Given the preceding paragraph, A VERY interesting, natural question then arises: is the HUMAN MIND (as opposed to a machine) capable of determining the truth of ‘something’ that is NOT algorithmically decidable? If it CAN do so, then we have ‘proved’ (grrrr..) that consciousness is NOT something that could arise from the deterministic action of a computing machine. Roger Penrose claims that certain operations performed by ‘us’ when we ‘do’ maths show that we CAN do non-computable things, and I tend to agree with him on this one. It is this work that I spend much of my evenings ‘patiently brooding’ over. I would like to say, much, much more about this in the future, including its implications for the existence of a Soul.

So, yes, within a GIVEN logical system, VIRTUALLY everything CAN be proved without question, even (in principle) by a machine. But there are an infinite number of possible ‘formal systems’. So we are very, very far from the original notion of a SINGLE Logic being something just ‘out there, eternally’. On the other hand, there are also an infinite number of metaphysical systems we could choose from, so we are not in much a different position from when we rely on Intuition throughout, epistemologically at least.
(And this is also ignoring the PRACTICAL impossibility of using Formal Languages to decide problems of genuine interest – in the same way it would be impractical to describe how Microsoft Windows operates by using only machine code to do so)

I also agree that ‘evidence’ also means nothing without metaphysical/epistemological systems to interpret/’deal with’ it.

So this brings us onto the question of ‘picking’ a metaphysical system. Do we pick one ‘off the shelf’, so to speak? If so, what guides us in selecting one system over another? Because for anybody wanting to approach the answer to this from an ‘intuitive angle’ we are now at an interesting point in history: what appears to be implied by those theories of the last century – General Relativity and Quantum Mechanics - appears to be so incredibly NON-INTUITIVE (in ANY interpretation) that even the greatest genius of all time would not have been able to arrive at these theories in a RATIONALISTIC manner. In my opinion, we have stumbled upon certain facts that seem to offer us the chance for our limited brains to arrive at NEW, METAPHYSICAL systems that would have been simply impossible (barring miracles) to conceive of before we knew of that ‘evidence’.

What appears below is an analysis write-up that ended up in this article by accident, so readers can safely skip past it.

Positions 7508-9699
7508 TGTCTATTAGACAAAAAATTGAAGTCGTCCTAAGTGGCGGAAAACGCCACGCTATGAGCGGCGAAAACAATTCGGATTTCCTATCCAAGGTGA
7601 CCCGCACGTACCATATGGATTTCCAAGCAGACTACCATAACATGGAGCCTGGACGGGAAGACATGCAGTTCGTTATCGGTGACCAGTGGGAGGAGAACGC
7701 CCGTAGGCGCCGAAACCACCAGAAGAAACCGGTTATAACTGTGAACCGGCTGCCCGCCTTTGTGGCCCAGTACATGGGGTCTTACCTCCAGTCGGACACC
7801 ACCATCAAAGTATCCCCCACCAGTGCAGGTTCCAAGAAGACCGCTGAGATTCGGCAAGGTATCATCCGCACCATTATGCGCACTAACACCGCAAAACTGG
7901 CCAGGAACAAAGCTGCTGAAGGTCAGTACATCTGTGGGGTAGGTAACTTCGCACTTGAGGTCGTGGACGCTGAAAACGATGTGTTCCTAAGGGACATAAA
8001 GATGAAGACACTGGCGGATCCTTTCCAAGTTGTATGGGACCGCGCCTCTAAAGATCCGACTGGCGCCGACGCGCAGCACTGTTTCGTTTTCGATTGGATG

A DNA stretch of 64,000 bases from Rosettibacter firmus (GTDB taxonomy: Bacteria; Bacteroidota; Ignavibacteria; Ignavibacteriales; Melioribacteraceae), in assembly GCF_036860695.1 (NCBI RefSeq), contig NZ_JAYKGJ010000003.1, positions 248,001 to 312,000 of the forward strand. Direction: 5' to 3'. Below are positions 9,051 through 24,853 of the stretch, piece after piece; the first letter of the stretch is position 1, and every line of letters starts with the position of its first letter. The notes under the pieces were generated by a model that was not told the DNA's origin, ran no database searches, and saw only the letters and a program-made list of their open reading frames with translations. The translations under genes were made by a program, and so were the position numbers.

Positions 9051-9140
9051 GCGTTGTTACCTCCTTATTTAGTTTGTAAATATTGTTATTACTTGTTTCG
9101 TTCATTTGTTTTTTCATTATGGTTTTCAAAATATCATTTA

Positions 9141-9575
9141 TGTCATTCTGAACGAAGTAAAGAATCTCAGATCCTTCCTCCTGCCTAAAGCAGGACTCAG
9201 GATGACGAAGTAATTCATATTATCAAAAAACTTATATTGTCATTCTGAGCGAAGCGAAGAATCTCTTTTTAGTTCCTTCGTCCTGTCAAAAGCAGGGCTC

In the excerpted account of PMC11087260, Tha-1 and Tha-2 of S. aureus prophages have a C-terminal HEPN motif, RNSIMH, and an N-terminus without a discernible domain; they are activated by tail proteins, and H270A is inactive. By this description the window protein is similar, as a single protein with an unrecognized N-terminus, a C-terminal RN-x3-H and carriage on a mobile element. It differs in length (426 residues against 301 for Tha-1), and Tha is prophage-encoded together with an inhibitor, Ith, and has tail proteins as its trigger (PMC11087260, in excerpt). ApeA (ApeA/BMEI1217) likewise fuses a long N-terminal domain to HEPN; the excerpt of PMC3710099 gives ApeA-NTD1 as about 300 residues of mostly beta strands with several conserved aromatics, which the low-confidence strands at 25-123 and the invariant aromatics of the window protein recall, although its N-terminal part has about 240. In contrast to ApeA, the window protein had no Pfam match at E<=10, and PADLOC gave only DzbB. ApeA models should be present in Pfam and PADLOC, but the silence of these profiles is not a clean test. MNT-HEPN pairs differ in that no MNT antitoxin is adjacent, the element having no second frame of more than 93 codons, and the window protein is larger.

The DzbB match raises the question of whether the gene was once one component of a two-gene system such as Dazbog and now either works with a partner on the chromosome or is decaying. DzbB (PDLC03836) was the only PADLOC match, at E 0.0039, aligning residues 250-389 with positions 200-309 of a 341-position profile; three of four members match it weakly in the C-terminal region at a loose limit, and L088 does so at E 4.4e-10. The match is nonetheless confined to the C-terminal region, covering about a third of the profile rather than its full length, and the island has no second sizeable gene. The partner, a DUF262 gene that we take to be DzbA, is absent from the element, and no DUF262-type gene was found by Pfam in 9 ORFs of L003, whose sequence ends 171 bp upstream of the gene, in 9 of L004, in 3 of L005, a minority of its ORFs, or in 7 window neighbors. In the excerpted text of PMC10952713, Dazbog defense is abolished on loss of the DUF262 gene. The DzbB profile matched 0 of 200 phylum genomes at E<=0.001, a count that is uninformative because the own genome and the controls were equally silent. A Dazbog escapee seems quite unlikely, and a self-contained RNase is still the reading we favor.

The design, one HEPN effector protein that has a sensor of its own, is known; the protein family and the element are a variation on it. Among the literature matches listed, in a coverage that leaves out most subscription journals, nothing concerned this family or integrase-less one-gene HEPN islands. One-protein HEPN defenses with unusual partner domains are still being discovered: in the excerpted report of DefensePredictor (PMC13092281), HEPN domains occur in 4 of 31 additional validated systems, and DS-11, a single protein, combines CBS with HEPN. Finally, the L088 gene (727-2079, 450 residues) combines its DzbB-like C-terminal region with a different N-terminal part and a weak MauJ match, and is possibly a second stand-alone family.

Basically, I am saying that our new-found empirical evidence IMPLIES wholly new metaphysics of the type we have never ‘considered’ before. We certainly have no metaphysics so far intuited that could hope to be used to ‘interpret’ this evidence (fully, at least). We need to start from scratch. Please understand that this is not for theoretical reasons (of course metaphysics still ‘underlies’ physics) but only due the limited nature of our intuitions and intellects.

Dualist said...


While the Instrumentalist is merely happy that his theory agrees with whatever numbers appear on his lab-equipment, WE here, I’m sure, still thirst for the FUNDAMENTAL meaning of it all? Regarding what you said, I DO believe that evidence and logic can ‘explain’ things, but only ‘higher order’ things eg. once we have ACCEPTED quantum mechanics, we can use it to fully explain the ‘higher order’ theory of Chemistry, which can then itself be used to explain Biology. So yes, we could never say that any of the brilliant discoveries you yourself have made in biology are absolutely ‘true’, because we do not even know what a proton or electron actually ARE, so we have no idea what chemistry ‘is’, let alone a human cell. But that is 100% fine, because biologist do not claim absolute, fundamental Truth – they are happy to simply accept the laws of chemistry as being ‘true’, and use them to make discoveries of practical use. No, it is only (some of) we physicists who are so arrogant.